Author: Brenda McNary
While so much of my attention is focused on the intense political rhetoric between candidates, pundits and friends in the election, it is easy to ignore the power images carry in a campaign. Occidental’s presentation of “The Red & The Blue” multimedia group exhibition in Weingart features the work of prominent professional artists such as Shepard Fairey. The show opened last Thursday and will run until Nov. 20, offering a unique opportunity for viewers to reflect on the problems of the current administration and garner excitement for future changes.
Jason Manley, studio shop and gallery manager for Weingart, chose to curate the political art show this election season not just to incite the votes of the Occidental community, but also to explore the different ways in which artists approach these topics. With works ranging from Kim Ables’s “Smog Plate Series” (where images on the plates were created when exposed to smog), to the visceral “Abu Grahib” lithograph by Richard Serra, the show set out to present a diverse array of media. “I wanted to show a variety of approaches to artists who work with political content in a compelling manner, while representing a full spectrum of mediums,” Manley said.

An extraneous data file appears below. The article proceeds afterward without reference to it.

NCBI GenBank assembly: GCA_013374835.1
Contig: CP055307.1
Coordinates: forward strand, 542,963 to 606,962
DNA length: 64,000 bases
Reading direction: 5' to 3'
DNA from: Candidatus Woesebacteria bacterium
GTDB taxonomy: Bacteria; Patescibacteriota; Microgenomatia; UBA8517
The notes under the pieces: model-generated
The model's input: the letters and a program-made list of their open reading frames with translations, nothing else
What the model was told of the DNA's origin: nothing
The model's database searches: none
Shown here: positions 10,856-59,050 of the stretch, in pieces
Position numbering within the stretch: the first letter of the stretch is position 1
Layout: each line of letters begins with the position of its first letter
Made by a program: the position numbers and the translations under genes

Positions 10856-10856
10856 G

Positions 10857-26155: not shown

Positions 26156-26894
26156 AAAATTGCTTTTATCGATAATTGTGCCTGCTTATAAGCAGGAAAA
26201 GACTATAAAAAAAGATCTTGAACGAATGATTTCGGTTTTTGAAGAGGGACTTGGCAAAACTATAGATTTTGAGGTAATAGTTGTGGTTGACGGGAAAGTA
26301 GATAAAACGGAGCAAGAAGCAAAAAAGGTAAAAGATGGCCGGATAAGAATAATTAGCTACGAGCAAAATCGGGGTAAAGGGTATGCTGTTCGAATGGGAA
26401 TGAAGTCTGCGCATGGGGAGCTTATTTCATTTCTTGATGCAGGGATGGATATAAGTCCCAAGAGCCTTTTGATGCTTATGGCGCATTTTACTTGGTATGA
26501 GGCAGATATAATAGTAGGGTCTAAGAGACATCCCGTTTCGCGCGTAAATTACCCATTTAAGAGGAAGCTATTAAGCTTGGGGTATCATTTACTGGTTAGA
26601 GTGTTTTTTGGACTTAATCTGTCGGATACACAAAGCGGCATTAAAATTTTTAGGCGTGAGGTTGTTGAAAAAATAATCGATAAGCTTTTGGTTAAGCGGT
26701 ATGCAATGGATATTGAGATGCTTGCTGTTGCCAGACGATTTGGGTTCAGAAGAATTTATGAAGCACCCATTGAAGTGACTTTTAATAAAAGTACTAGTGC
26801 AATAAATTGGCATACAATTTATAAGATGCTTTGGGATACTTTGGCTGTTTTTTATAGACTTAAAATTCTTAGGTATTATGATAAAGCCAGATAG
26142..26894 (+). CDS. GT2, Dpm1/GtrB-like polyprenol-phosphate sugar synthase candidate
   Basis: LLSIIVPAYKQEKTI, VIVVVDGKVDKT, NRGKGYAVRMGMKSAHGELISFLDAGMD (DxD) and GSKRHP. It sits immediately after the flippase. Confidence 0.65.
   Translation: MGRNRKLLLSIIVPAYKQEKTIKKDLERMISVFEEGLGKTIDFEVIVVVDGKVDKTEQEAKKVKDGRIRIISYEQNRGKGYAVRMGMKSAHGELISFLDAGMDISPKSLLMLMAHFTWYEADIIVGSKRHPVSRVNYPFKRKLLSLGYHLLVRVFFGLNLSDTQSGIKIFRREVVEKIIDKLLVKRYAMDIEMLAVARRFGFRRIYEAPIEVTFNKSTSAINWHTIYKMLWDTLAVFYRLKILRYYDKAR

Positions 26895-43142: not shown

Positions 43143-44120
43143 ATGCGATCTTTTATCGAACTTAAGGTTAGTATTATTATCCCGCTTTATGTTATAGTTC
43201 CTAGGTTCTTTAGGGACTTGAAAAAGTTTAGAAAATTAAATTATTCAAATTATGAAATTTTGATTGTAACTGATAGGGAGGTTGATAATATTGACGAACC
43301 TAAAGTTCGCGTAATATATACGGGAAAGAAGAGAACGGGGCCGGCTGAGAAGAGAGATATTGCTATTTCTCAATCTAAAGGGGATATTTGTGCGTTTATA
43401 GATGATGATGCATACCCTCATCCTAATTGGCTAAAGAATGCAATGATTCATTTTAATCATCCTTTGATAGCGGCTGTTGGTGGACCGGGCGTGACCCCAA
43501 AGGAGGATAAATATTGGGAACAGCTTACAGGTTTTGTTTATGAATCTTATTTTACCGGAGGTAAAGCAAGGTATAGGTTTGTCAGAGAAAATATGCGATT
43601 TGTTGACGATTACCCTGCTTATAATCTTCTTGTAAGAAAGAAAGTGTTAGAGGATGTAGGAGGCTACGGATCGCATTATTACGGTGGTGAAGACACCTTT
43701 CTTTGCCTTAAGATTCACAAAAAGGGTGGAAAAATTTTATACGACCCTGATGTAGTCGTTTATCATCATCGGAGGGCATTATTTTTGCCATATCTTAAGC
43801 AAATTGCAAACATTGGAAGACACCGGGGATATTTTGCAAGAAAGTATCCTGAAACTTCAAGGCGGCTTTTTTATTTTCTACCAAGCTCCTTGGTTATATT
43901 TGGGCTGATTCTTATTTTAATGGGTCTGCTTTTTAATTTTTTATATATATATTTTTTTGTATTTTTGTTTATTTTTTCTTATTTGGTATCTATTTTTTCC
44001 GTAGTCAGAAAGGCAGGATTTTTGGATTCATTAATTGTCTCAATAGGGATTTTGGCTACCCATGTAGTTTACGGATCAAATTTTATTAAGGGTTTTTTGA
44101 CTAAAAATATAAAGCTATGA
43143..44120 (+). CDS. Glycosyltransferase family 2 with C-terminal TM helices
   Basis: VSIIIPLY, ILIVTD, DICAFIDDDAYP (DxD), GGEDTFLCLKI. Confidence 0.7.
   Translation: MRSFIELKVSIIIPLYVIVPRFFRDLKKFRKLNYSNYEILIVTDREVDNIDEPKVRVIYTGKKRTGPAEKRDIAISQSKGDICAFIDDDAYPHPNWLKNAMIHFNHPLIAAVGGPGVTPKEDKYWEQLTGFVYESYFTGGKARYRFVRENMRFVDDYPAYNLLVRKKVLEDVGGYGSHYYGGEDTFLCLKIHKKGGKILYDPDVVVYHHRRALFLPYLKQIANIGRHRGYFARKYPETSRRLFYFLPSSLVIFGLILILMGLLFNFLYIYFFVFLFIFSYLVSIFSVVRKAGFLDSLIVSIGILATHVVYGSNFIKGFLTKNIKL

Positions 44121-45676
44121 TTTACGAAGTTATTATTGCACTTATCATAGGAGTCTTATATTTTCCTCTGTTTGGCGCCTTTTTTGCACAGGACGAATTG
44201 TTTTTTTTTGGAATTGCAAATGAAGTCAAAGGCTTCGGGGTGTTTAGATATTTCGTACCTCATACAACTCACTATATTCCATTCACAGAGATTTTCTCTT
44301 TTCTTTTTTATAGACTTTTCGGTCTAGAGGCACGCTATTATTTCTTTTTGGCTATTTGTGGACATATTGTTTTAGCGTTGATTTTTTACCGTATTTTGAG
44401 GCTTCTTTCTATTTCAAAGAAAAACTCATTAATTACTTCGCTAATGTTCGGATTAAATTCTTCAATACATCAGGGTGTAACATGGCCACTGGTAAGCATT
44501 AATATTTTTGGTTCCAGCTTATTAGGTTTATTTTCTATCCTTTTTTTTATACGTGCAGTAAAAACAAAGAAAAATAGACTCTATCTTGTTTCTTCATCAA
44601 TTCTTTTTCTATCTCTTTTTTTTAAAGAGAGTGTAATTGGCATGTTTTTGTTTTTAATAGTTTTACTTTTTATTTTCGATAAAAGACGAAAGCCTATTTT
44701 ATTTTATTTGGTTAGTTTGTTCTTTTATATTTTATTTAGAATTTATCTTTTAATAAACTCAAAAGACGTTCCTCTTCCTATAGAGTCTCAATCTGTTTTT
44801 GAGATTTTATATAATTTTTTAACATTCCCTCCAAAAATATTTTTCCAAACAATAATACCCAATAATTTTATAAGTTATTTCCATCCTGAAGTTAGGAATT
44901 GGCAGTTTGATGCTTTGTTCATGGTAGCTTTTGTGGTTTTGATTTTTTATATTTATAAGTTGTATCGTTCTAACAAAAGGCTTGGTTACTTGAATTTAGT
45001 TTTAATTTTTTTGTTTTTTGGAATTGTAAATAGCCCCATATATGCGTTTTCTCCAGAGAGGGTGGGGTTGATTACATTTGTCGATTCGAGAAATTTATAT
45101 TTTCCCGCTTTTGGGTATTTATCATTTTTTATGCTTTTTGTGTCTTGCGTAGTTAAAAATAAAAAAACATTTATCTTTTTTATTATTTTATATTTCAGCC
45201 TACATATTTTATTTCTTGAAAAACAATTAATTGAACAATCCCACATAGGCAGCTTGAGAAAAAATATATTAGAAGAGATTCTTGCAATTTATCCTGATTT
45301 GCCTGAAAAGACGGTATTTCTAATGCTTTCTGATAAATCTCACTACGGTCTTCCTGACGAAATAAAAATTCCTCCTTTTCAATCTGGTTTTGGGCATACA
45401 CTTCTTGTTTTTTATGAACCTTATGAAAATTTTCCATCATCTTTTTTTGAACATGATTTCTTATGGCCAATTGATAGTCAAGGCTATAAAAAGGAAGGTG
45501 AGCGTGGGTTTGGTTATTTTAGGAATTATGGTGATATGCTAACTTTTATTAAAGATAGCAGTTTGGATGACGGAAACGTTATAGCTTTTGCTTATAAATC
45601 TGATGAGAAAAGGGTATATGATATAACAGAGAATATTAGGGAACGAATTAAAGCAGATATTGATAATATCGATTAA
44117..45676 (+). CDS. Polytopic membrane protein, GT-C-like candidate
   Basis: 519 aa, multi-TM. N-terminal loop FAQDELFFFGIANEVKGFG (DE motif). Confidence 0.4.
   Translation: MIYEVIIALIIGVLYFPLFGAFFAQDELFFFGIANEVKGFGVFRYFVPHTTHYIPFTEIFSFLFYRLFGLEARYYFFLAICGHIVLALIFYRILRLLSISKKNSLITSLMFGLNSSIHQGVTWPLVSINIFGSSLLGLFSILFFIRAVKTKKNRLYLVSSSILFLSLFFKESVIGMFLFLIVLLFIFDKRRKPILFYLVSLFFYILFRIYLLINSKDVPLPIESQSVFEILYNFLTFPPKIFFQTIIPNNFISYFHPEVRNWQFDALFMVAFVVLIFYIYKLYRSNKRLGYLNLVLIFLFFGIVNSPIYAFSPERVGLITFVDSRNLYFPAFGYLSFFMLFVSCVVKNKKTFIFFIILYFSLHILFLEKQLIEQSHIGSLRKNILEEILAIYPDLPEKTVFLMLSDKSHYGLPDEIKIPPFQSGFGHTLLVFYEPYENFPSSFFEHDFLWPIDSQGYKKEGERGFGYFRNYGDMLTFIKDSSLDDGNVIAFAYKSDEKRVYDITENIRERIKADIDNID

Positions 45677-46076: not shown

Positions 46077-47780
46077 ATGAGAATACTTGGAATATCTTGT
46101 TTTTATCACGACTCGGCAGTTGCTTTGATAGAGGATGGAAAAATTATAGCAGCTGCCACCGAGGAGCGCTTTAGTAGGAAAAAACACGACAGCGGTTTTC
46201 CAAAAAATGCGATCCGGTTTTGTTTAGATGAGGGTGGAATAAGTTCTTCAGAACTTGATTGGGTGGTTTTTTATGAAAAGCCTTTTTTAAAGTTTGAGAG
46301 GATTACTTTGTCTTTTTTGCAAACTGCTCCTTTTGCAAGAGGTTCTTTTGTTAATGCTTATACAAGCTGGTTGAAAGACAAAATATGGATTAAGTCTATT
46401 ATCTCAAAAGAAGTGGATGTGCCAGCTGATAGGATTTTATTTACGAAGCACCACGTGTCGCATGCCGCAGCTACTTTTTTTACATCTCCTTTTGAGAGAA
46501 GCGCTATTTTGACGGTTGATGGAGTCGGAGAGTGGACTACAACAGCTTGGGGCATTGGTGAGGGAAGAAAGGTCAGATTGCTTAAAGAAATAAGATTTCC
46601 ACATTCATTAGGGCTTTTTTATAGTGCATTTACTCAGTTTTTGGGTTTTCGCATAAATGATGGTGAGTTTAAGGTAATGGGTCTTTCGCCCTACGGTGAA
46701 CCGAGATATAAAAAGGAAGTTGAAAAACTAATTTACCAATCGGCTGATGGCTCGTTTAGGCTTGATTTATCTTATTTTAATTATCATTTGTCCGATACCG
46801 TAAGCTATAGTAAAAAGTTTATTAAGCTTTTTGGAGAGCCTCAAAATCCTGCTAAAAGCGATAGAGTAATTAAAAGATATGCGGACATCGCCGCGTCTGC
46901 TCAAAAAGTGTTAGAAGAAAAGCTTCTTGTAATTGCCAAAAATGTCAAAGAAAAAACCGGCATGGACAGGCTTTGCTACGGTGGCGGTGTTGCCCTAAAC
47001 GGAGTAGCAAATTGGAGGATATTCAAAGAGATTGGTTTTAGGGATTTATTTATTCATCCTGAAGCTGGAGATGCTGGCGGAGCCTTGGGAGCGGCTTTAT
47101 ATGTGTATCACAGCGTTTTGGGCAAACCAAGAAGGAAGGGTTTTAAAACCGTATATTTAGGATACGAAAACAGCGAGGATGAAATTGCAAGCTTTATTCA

The show features video, installation, print and interactive art forms from the subtle to the blatant, but the standout piece is Shepard Fairey’s now iconic “Hope” poster for the Obama campaign. Spencer Elden, an intern for Fairey, connected the grassroots beginnings of Fairey’s now ubiquitous “Obey” street art project to Obama’s similarly community based campaign strategy. “All it takes are interns cutting out stencils to create a political force,” Elden said. “Guerilla street art mobilizes people for a cause, political or not, and presents an incredibly accessible medium to voice opinion.”
“The Red & The Blue” comes as a pleasant surprise given the gallery’s usual focus on student art, and the display of professional art indicates some of the greater changes happening in the department. “We do hope to do more with the gallery, budget permitting, including bringing in professional artists, and creating more opportunities for students to initiate their own shows.” Manley said. In the meantime, we can look forward to more great work in the senior art comps show on Dec. 4.
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